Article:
Another example: find the limit of $z_n = c^{1/n}$ for $c > 1$, which we will denote by $z$. Consider the subsequence $z_{2n} = c^{1/(2n)} = (c^{1/n})^{1/2} = z_n^{1/2}$. By limit laws in 3.2, we have that $z = \lim(z_{2n}) = (\lim(z_n))^{1/2} = z^{1/2}$ and so $z^2=z$, as before. In this case, since $z_n > 1$, it can't be 0, so it must be that $z=1$.

*3.4.3*Divergent subsequences¶

Theorem: TFAE:

(i) A sequence $X = (x_n)$ does not converge to $x$.

(ii) There exists an $\epsilon > 0$ such that for any $k \in \mathbb{N}$, there exists $n_k \in \mathbb{N}$ such that $n_k \geq k$ and $|x_{n_k} - x| \geq \epsilon$.

(iii) There exists an $\epsilon > 0$ and a subsequence $(x_{n_k})$ of $X$ such that $|x_{n_k} - x| \geq \epsilon$ for all $k \in \mathbb{N}$.

Proof for (i) $\to$ (ii): just the definition of converging to a limit.

Proof for (ii) $\to$ (iii): Just find terms that fit the definition and make a subsequence out of them.

Proof for (iii) $\to$ (i): A subsequence satisfying the condition in (iii) (meaning that it does *not* converge to $x$) exists. So, the sequence as a whole cannot converge to $x$ either.

Divergence criteria (is this covered or not?): a sequence is divergent if: 1) it contains two convergent subsequences with different limits; or 2) it is unbounded.

Example: $X=((-1)^n)$ is divergent, because the even terms converge to 1, and the odd terms converge to -1.

Another example: $S=\sin(n)$ is divergent. Proof: $\sin(\pi/6) = \sin(5pi/6) = 1/2$ and $\sin x > 1/2$ in the interval $(\pi/6, 5\pi/6)$. Since the length of this interval is greater than 2, there are at least 2 natural numbers in here. We take the first one, and we do this for every such interval (since sine is periodic). Then, we form a subsequence $(\sin n_k)$ for which everything lies between 1/2 and 1. then, we form another subsequence using the interval $(7\pi/6, 11\pi/6)$ and since $\sin x < -1/2$ in this interval, and the length is the same, we can make another subsequence, values between -1 and $-1/2$. Then, given any real number $c$, we see that at least one of the subsequenes lies outside the $1/2$-neighbourhood of $c$, so $c$ cannot be a limit of $S$. Thus nothing can be a limit of $S$ and so it's divergent.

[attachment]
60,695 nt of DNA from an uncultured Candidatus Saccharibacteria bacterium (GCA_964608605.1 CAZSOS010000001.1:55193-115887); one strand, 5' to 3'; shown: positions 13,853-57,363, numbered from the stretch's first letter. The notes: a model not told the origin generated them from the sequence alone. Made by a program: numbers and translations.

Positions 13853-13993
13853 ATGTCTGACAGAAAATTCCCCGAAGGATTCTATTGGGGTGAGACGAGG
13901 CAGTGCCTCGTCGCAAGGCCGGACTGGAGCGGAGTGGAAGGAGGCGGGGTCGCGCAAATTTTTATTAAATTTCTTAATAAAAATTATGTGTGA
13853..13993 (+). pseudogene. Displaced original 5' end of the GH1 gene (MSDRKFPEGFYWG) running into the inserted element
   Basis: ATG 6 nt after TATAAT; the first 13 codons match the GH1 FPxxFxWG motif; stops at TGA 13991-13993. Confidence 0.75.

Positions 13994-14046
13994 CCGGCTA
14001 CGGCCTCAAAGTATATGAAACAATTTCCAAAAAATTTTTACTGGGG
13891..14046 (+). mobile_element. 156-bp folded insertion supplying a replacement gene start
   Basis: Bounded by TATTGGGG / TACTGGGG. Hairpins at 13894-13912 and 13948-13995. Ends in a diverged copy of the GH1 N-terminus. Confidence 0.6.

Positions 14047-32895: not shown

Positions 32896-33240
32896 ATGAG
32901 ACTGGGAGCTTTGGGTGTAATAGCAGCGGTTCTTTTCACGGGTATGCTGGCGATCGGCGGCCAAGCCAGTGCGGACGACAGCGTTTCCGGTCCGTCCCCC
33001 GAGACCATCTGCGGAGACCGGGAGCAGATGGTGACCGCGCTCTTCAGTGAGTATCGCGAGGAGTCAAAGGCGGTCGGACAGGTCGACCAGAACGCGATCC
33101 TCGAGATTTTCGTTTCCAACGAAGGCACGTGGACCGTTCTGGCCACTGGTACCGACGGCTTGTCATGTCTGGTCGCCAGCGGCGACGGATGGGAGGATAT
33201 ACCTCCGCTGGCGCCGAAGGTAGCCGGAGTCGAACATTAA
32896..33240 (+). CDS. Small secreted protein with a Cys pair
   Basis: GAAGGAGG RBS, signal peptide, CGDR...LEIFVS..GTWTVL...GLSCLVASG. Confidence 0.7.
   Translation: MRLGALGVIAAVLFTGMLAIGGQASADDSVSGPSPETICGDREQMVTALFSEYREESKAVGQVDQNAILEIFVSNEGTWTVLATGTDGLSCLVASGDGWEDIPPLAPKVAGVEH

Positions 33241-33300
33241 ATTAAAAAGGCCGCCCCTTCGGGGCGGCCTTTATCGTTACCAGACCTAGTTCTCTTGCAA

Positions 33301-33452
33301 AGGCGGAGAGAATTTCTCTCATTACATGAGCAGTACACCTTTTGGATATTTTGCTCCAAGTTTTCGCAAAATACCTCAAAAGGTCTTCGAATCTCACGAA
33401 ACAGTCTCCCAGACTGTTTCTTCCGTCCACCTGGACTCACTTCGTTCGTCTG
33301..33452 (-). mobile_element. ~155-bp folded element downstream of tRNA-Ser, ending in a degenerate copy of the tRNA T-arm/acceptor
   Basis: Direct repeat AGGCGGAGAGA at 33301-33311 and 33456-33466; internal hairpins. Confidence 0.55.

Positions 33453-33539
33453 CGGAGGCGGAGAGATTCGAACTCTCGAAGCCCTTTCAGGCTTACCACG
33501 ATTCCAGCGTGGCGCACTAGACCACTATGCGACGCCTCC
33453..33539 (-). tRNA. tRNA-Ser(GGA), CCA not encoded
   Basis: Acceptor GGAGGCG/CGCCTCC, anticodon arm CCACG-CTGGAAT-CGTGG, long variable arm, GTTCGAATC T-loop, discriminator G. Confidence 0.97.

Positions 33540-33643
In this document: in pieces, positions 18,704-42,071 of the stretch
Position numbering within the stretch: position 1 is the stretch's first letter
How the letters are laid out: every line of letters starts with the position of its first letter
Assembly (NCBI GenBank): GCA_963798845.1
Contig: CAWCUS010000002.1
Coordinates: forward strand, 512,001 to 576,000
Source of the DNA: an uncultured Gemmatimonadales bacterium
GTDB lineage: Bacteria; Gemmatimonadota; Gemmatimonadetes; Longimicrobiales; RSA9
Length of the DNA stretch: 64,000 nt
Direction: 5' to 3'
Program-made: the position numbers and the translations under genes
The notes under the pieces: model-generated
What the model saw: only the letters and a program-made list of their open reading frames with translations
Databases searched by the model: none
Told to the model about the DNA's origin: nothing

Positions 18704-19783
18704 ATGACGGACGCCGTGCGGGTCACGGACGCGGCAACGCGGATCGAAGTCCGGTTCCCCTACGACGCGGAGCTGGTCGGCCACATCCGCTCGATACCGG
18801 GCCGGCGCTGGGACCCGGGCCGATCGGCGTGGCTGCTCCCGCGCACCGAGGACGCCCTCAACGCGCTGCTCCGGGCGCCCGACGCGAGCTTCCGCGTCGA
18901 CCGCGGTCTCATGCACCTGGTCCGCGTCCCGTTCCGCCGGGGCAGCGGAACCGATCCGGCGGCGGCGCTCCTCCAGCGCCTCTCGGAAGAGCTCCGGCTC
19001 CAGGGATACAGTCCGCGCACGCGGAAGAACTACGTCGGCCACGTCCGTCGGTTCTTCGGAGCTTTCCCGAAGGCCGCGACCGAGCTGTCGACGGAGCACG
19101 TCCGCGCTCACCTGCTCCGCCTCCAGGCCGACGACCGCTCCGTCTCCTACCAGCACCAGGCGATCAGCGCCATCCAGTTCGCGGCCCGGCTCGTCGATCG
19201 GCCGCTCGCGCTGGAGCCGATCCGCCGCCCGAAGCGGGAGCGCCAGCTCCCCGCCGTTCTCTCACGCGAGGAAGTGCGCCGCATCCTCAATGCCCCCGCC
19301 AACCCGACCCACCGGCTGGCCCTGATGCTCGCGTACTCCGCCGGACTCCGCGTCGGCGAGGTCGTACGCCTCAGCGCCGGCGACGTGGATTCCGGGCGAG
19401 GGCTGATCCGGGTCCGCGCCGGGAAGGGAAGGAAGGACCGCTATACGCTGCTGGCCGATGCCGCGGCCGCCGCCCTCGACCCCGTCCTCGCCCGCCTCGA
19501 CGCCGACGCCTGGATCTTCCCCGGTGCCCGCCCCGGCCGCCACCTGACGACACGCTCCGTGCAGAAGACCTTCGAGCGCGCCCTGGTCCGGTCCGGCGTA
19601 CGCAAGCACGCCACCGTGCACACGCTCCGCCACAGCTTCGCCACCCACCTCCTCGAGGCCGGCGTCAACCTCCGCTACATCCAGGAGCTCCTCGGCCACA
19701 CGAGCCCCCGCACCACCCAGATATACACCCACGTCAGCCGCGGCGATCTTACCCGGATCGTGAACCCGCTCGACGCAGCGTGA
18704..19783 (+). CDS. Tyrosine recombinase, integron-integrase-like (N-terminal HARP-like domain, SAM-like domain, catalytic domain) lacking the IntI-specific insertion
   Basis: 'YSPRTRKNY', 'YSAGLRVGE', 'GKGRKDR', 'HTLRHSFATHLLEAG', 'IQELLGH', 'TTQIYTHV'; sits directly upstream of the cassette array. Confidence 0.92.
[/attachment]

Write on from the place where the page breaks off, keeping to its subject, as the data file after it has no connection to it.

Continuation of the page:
*3.4.4*The monotone subsequence theorem¶

Every sequence (even sequences that are not themselves monotone) has a monotone subsequence.

Proof: Consider the concept of a "peak" (a term in a sequence that is greater than everything that follows it). Any given sequence $X$ can have either finitely many (including zero) or infinitely many peaks. In the first case, we can simply take the first term after the last peak. Since this term is not a peak, there must be a term after it that is greater than it, and so on, until we get an increasing subsequence. In the second case, the subsequence of peaks is decreasing and thus monotone.

*3.4.5*The Bolzano-Weierstrass theorem¶

A bounded sequence of real numbers has a convergent subsequence.

Proof: By the monotone subsequence theorem, this sequence must contain a monotone subsequence. Since it's also bounded, we can use the monotone convergence theorem to show that this subsequence is convergent as well.

*3.4.6*Limits of subsequences¶

If every convergent subsequence of a sequence converges to $x$, so does the sequence itself.

Proof: by contradiction, using Bolzano-Weierstrass.

*3.4.7*Exercises¶